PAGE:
It is Maghrib and we’ve hit old age. Our body is getting tired. The day has been long and there is still a little bit further to go. We start to tie the loose ends, to gather what is important around us, to measure our success according to our ambitions at alfajir. We begin to accept that we will not live for ever. That we have limitations and that if we failed to do the best we can, we may never get another chance.

At last it is Isha and we have made it to the end of a life long lived. Perhaps it was a rich life filled with as many things as could be packed into it. Or it was a wasted life filled with moments of emptiness and tasks we’ve failed to achieve. We should be able to look back at the time of our infancy at al fajir to our death beds at Isha and be certain that we gave it a good run; that we used Allah’s gift to the best of our ability and did not take it for granted. We should not doubt that should Allah never present this precious gift again, then we shall die as Muslims. We should be grateful and content. Should we be fortunate, we will be given the gift of being reborn to enjoy a new lifetime the next day.

And so we should live our days until the day the gift comes to us no more…

Saturday, January 9, 2010

Who hijacked my religion?...

Assalam Alaikum Ramahtulahi wa Tahala wa barakatu

You know, in order for this blog to truly work and achieve some sort of plausible outcome, I will have to get to a point where I no longer give a damn about what people think. Believe me, it is not easy. Surely I will pay a high price if I dare to be outspoken and truly speak my mind. If that were not the case, then a whole lot more of us would dare speak the truth.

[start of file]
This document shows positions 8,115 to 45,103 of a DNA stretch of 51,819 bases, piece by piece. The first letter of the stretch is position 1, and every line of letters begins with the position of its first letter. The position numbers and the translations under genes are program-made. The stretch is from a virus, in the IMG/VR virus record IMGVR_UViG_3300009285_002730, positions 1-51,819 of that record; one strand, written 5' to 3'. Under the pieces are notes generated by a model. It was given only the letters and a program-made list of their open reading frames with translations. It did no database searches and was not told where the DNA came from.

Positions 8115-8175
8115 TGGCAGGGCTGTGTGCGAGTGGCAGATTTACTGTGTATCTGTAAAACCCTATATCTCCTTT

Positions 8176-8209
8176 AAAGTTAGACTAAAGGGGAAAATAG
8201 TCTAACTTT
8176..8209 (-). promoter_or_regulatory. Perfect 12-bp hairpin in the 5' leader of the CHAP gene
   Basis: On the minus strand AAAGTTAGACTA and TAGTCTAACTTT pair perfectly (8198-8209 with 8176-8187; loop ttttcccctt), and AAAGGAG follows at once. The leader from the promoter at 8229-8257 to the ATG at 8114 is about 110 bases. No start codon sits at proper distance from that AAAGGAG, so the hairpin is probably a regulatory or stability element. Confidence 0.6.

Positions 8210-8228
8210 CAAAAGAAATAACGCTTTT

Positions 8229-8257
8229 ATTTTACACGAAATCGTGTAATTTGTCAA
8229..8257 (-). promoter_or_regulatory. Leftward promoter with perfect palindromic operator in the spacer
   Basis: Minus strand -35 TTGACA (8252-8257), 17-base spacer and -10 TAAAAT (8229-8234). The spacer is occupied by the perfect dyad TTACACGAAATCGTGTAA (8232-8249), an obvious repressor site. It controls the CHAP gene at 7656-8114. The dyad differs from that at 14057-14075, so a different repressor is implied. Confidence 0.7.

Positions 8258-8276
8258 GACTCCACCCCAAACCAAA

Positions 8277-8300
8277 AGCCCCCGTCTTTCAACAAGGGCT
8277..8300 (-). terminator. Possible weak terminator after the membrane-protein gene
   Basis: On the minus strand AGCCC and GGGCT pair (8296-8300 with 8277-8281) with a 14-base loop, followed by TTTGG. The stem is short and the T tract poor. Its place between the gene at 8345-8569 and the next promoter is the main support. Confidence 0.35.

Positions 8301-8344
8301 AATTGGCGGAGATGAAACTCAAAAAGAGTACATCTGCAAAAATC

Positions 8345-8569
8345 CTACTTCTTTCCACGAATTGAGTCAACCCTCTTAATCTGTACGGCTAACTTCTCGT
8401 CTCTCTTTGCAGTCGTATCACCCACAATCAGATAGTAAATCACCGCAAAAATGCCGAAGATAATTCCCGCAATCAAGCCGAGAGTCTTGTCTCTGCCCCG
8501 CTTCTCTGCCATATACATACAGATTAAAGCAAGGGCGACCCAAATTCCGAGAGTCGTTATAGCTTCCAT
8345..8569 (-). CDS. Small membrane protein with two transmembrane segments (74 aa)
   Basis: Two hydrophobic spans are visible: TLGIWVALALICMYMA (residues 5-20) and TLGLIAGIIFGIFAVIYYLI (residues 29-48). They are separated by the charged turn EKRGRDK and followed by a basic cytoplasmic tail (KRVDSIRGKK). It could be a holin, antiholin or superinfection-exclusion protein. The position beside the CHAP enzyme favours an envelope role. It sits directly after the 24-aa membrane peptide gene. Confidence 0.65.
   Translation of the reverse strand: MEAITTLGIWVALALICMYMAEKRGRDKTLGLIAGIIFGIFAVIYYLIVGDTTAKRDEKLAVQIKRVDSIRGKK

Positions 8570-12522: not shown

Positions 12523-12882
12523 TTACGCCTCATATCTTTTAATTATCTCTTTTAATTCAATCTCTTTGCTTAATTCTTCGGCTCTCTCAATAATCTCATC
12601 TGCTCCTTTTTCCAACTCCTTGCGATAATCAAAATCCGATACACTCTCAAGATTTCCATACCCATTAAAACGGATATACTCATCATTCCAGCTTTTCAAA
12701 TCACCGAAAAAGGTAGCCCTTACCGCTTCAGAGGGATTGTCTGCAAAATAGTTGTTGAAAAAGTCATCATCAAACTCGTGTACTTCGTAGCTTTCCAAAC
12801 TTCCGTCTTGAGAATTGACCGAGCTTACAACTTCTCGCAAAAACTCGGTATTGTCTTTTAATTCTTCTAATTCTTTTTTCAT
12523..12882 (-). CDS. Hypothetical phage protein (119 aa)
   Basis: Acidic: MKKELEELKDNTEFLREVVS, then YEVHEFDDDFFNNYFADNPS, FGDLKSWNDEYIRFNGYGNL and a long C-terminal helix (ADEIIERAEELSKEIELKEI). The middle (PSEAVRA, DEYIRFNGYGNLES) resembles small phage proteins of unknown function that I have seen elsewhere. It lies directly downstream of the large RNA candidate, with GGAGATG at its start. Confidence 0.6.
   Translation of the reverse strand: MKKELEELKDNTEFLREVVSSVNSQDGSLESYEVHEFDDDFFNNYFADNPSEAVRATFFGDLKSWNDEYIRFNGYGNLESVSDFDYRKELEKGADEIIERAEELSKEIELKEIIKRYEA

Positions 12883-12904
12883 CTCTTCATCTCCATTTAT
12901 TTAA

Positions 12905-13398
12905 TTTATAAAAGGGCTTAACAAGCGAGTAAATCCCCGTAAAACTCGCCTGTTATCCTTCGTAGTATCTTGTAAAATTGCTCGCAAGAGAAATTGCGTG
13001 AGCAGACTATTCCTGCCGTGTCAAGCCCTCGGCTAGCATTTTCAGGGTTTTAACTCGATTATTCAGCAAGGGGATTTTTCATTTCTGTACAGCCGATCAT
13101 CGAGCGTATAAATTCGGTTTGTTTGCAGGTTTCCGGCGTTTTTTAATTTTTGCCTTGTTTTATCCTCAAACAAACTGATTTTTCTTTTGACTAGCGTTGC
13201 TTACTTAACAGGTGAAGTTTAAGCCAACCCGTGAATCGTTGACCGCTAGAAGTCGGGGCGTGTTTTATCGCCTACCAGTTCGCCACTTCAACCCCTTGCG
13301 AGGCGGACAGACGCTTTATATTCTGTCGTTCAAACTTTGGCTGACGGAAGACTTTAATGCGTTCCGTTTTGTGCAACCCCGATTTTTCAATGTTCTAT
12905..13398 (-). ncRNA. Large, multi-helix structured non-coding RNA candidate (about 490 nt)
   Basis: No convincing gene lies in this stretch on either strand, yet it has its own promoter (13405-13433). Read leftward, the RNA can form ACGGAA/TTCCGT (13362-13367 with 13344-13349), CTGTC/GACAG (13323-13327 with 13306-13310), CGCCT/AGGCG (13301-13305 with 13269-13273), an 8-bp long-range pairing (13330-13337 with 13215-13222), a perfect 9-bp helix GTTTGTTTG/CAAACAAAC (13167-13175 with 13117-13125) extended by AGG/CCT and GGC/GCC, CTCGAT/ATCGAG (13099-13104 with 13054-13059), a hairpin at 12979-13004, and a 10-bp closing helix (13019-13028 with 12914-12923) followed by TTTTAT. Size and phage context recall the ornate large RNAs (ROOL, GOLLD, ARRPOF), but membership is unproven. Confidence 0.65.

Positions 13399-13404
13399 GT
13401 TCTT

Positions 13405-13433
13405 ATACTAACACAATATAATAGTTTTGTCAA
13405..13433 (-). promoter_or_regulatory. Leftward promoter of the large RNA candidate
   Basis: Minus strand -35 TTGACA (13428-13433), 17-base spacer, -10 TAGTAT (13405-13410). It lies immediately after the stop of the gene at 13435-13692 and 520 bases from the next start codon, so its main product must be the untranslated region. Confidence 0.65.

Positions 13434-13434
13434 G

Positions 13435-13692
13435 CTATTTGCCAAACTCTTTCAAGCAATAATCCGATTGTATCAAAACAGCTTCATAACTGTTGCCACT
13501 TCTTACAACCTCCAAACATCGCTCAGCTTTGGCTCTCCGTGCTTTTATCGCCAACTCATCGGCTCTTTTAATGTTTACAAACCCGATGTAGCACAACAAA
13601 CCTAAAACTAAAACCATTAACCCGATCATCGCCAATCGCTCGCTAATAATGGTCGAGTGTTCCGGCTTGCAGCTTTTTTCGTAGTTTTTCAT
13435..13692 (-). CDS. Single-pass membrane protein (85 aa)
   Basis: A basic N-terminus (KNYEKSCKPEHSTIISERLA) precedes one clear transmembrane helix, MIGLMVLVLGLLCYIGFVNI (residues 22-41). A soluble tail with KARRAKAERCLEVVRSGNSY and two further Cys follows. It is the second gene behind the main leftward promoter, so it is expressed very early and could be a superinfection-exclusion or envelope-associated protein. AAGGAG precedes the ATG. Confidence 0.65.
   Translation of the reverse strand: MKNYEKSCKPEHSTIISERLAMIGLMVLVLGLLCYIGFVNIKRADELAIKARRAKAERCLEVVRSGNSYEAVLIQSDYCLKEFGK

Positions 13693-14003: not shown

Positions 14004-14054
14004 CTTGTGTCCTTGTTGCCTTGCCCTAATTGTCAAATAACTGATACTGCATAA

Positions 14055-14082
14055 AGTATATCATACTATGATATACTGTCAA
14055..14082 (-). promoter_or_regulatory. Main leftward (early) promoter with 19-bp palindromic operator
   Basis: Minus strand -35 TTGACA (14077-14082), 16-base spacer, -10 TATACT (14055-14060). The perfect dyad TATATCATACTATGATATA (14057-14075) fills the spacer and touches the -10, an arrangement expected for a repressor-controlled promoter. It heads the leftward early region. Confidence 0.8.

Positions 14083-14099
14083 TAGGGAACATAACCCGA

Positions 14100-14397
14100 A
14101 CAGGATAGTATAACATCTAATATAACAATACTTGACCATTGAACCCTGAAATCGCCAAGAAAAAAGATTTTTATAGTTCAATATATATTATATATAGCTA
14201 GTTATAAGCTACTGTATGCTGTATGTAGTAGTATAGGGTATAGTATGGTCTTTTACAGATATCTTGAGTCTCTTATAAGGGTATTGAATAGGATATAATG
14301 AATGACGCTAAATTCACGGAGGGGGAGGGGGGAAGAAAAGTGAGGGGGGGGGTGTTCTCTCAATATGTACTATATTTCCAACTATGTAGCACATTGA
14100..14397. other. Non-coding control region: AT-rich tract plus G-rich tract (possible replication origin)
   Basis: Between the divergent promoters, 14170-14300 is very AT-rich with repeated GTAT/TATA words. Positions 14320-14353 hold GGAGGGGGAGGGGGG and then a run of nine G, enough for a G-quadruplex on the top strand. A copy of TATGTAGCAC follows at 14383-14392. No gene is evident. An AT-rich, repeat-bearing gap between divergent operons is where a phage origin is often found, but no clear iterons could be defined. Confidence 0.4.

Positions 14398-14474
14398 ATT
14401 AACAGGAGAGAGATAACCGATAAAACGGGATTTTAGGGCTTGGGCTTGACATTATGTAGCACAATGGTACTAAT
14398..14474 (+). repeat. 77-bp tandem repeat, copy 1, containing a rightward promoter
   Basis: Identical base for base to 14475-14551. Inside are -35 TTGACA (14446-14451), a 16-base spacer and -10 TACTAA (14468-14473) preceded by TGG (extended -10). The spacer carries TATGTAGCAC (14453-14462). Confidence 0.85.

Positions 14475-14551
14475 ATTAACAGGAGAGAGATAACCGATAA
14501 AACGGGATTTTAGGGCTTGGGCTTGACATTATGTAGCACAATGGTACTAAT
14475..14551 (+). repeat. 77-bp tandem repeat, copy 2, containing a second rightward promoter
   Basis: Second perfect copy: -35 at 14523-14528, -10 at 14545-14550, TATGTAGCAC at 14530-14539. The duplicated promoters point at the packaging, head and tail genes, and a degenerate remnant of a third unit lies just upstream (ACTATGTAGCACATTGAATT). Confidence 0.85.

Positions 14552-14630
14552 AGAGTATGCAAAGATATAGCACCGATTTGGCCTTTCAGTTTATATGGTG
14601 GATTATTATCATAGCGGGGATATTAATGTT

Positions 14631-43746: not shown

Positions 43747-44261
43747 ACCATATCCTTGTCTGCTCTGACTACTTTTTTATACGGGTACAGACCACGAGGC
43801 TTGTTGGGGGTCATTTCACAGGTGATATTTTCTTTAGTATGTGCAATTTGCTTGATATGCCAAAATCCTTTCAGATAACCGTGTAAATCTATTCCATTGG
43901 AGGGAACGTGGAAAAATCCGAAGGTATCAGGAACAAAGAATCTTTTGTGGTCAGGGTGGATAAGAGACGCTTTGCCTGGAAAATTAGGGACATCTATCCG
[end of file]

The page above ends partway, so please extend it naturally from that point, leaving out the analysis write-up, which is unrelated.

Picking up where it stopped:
Religion is not meant to be owned by individuals. Islam is not meant to be owned by individuals. It is not meant to be owned by govertments, freedom fighters or terrorists. It is not meant to be owned by persons who believe they are entitled to be God’s vicegerents on earth. It’s not meant to be possessed by people who at the heart of their souls have only their own interest and agendas in mind. When that happens, it happens at the expense of the faith’s followers.

In the country in which I live Masjids are owned by individuals. Individuals who are petty, vindictive and self righteous. They use the Masjids as a platform for the propagation of an Islam that is obsolete, highly archaic, and based on their traditions, culture and history. They are a new form of religious hijackers; the kind that highjack religion not for political gain, or doctrinal manipulation but for sheer economic purposes. They’ve hijacked Islam in order to fill their pockets at the expense and ignorance of those less fortunate and learned. The weak and feeble must pay the price for their greed. They profess a faith they do not understand and has little relevance to them. They must regard the ritual and repetitive as the core of their belief and ignore the emptiness it brings. All because individuals believe they are entitled to their whims no matter what the cost.
It is difficult to be a Muslim today. It is difficult not to doubt that indeed you have chosen a path of righteousness and peace. It is difficult to look in the mirror and still be believe that your creed is adding value. Especially when you look around and realize that it is being devoured and destroyed by groups of individuals.

Friday, January 8, 2010

...and so my fate on the web beggins

Assalam Alaikum,

Call me brave, call me a fool, call me pragmatic or what ever you wish. One thing is certain; there comes a time in life when coasting and expecting things to fall onto your lap is a sign of absurdity. And lazyness. And so I am bloging. For many reasons, I assure you, most of which I will be more than happy to elaborate upon this evening, but perhaps most importantly I am blogging because I desire to make some sense of it all: Of what it means to be black, female and Muslimah in todays world. Of what it means to be a believer in something grater than myself when most of mankind of overly preocupied with